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During my seminary years in the United States, my Greek professor was Dr. McBeth, a brilliant man with great understanding and insight into the Greek language. He taught us how to study the Bible in light of the rich meaning of the original Greek. It was amazing how he would take passages from Scripture and unfold before us the wonder and depth of them. For example, let me give you a little background of the original Greek word for faith in the Bible. We run into a linguistic misunderstanding with the word faith when we deal with it in the English language.
In biblical text, two words are commonly used: faith, which is a noun and believe, which is a verb. If you look at these words in their English form, there is no obvious connection between the two. This makes us think that we are dealing with two different concepts. As a result, when we study the Bible or preach, we make a distinction between the words believing and having faith.
However, in the Greek language there is no such distinction made. For the noun faith, the Greek word is pisitis. For the verb to believe, the word is pisteuo. The verb is formed directly from the noun. The stem of each word is from the same four letters: P-I-S-T. Our English words for faith and believe come from the same Greek root word.
As far as the Greek is concerned, believing is simply exercising faith. Conversely, exercising faith is believing. This is clearly portrayed in Jesus’ dialogue with the two blind men in Matthew 9:28–29: “And when He had come into the house, the blind men came to Him. And Jesus said to them, ‘Do you believe that I am able to do this?’ They said to Him, ‘Yes, Lord.’ Then He touched their eyes, saying, ‘According to your faith let it be to you’ ” (emphasis added).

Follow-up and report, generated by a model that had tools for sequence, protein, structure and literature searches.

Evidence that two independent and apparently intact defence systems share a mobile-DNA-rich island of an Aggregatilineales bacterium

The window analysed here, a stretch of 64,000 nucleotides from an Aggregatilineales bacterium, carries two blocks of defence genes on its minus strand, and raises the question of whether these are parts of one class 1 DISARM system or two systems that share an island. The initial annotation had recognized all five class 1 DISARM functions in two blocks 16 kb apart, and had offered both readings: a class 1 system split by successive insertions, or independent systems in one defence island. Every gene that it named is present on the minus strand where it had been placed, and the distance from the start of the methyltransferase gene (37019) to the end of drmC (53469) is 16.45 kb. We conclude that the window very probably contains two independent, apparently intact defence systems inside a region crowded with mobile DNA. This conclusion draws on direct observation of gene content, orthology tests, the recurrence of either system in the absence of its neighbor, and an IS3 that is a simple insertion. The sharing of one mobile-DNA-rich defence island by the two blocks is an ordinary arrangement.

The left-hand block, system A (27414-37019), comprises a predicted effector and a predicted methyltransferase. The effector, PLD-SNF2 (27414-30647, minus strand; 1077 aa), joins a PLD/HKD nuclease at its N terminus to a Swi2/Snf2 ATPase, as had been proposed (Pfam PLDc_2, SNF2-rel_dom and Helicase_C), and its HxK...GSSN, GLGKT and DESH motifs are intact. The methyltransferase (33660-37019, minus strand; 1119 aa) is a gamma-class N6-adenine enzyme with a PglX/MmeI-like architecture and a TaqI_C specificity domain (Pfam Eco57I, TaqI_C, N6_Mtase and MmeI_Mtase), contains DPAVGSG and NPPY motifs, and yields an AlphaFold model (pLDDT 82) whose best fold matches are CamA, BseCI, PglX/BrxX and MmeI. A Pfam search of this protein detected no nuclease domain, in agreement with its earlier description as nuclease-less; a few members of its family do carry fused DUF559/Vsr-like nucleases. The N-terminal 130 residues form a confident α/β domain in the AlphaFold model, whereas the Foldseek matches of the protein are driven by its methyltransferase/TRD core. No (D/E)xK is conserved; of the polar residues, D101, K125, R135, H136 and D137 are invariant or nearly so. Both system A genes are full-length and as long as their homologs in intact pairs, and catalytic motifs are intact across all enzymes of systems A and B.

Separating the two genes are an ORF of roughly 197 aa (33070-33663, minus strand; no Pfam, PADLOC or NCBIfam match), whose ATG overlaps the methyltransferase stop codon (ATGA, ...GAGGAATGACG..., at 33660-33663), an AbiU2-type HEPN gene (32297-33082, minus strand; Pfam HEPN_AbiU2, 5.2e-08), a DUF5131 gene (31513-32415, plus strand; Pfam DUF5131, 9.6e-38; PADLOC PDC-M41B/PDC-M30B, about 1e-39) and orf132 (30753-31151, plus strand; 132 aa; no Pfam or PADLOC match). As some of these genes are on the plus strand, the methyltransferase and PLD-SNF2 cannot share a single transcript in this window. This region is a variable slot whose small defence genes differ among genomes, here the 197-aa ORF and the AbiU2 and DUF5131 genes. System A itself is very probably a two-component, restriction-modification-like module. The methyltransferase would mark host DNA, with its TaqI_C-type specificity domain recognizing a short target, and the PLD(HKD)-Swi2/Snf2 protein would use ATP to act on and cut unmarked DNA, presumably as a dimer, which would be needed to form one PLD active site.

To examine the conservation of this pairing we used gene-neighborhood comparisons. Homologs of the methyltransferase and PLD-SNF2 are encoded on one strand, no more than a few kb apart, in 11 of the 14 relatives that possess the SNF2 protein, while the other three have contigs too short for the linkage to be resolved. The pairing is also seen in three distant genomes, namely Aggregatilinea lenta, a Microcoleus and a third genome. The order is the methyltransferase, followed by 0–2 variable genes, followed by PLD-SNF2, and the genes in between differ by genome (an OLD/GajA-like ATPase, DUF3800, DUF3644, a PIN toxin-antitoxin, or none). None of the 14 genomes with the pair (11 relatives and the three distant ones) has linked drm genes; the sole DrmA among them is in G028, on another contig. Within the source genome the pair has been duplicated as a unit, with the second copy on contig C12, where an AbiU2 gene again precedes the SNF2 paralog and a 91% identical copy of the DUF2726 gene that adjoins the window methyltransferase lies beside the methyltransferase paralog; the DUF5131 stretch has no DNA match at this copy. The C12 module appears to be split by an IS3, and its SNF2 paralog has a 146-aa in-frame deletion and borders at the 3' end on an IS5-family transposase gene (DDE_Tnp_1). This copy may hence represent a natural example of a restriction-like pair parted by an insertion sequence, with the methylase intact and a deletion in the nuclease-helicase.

We see the connection again as Jesus addresses Peter and the other disciples in Mark 11:22–23. “So Jesus answered and said to them, ‘Have faith in God. For assuredly, I say to you, whoever says to this mountain, “Be removed and be cast into the sea,” and does not doubt in his heart, but believes that those things he says will be done, he will have whatever he says’ ” (emphasis added). In all these Scripture portions, you can see that believing and having faith are the same exact thing.
In English, the opposite of belief is unbelief. The prefix “un” makes it the opposite. But to make the opposite in Greek, the prefix “a” is added, turning pisitis (faith) into apisitis (unfaith). In English we don’t have unfaith; we simply just call it unbelief. And apisitis (unfaith) translates into English as unbelief. Also connected with this four-letter stem, P-I-S-T, we have the adjective pistos, which means faithful or believing. From the opposite of this, using the prefix “a,” we have apistos, meaning unfaithful or unbelieving. All these different words with the same P-I-S-T stem occur hundreds of times in the New Testament.
If you examine these verses, you will find a massive, powerful theme ordained by God: Faith is the key to experiencing all that God has promised. This strong and pervasive theme saturates the entire teachings of the New Testament Scripture. In English, we do not see it clearly because it is fractured into two separate parts. But God has given us faith, or believing Him, as the single most necessary thing for living a life of all that He has promised. That one Greek word from the stem P-I-S-T is central to the revelation of Jesus Christ in the New Testament as Savior, Healer and Provider.